The why: If you're looking at this, you're in a browser. Most of everything you do is in a browser. JavaScript is judge, jury, and executioner in the browser. And tools that I can build with both Python and JavaScript.

The how: I have a premium membership to dataquest but I tend to have time in the evening and FCC's missions are so super duper small, nicely complimenting my generous and gracious tip earlier.

The where: my laptop. in my room. maybe at this coffee shop. will need internet.

The what: umm. JavaScript....(i know these questions are important to goals. Right? shrugs)

If I think about it I'll daze out for an hour and forget to finish this post.


You probably noticed (or maybe you didn't because of how clearly I explain things) that I kind of don't want to say that I'm learning anymore.

If you didn't notice, I don't want to say that I'm learning how to program anymore.

Okay now that we're all on the same page.

This is like me telling myself that I don't know how to program. But I do. So I want the learning to be implied. Implicit. Implicated.

fun word stem.

how: another smart person once said, "ritualize it". meaning every morning i wake up, make breakfast and coffee and sit down immediately in front of my laptop and log onto dataquest and start exactly where I left off the day before.

why: Data analysis and science is work. For some people it's work that pays. I tend to glamourize projects in my mind, thinking "I'll do this and this and this". Then I get to a certain point, say "good enough" and don't work on something else for awhile because I make myself I have "learned it" but when it comes to the real deal, the day in and day out of data munging and whatever the all-star data people call it nowadays, work with data, see data, be with data, dance with...this is getting away from me but they are exposed to it everyday so skilling up for someone in a position is easier than self-teaching by attempting to make beautiful, amazing, hiring-worthy projects that stand out. Those look good yes. But they're scary and how many bad projects will I have before I have a good project?

I honestly don't know, everytime I make something I think it's the best and way better than the last thing.

So I want to close that gap, I want to make more bad things and by bad things I mean I 100% don't do this for a living and I am fully allowed to now make terrible blunders.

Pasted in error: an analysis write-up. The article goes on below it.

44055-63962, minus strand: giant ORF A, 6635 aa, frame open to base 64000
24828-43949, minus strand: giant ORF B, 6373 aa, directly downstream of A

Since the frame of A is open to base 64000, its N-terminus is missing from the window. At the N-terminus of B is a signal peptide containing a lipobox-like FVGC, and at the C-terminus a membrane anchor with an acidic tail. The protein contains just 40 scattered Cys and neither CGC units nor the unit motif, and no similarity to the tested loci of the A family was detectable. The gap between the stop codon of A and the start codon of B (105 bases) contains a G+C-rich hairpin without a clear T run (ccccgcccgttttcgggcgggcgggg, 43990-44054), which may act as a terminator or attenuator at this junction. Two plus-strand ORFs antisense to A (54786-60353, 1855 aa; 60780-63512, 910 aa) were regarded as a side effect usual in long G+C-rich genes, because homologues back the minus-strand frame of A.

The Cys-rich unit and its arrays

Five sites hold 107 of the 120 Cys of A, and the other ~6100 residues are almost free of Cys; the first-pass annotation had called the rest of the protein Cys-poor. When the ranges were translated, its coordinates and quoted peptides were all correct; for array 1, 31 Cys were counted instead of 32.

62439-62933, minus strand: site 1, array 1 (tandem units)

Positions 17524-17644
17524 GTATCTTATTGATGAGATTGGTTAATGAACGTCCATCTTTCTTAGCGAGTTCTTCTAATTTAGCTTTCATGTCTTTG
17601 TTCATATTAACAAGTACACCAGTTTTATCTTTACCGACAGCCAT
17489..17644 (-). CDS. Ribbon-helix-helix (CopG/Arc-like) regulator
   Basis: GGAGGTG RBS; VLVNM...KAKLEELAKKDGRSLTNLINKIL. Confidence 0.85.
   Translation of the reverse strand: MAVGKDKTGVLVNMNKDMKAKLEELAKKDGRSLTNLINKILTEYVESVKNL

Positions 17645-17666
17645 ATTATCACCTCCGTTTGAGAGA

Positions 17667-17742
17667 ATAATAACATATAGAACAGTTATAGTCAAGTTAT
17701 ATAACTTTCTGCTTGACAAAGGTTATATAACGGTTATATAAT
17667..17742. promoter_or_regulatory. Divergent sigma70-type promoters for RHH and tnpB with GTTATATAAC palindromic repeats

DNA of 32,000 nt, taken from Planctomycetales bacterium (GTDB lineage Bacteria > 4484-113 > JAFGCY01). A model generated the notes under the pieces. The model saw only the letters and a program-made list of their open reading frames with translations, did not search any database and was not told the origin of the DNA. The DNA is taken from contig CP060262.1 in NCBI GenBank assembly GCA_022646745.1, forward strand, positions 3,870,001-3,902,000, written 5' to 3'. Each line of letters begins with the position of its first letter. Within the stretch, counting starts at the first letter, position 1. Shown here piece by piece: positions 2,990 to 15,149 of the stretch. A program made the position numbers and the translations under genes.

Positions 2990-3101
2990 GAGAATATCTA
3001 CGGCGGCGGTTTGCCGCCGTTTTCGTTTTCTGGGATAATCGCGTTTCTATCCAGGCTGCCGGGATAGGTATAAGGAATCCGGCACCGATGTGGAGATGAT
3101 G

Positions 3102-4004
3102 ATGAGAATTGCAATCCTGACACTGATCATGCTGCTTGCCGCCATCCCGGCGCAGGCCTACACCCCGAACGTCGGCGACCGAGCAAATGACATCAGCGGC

Freedom. where: laptop. what: dataquest and kaggle.


Wow you thought you'd never make it huh? This one may catch you off guard.

Workout everyday.

Even if it's a walk around the apartment complex block. The intention has to be that I need activity. Because you sit most of the time when you code unless you have one of those dope vampire desks that hang from the ceiling, increasing blood flow to your brain for maximum brain processing power.

That's not real don't do that.

Working out can be super boring. Especially when all you can think during is "oh wow this hurts and I'm super bored".

The worst workouts are the five minute workouts. But they're done in five minutes

And how does this help me code? I don't know, there's so much research on this just go read something else, my coffee fuel is running out.

For me, my protein shake is like, soooooooooooooo good.

That's it.

jk. settle down.

And it's a complete decompress. I listen to some good music and burn off mental steam. We all get it. Personally I get kind of zen when I'm in the pain cave (if you're not familiar with the phrase it's something you know when you see it, watch people finish a running race for example).

That's it

Hey look, I've justified my own blog/website in just one post!

Maybe you noticed something eles.

Hey mctopherganesh, why didn't you ever put who in any of those questions you asked yourself

Wow. You caught me there. So observant you.

Here's why. Cuz it's on me. And it's on you. And these awesome people on the python discord general channel (slightly obsessed).

So thanks for visiting, come back some time. It makes my Google Analytics graphs look waaayyy cooler.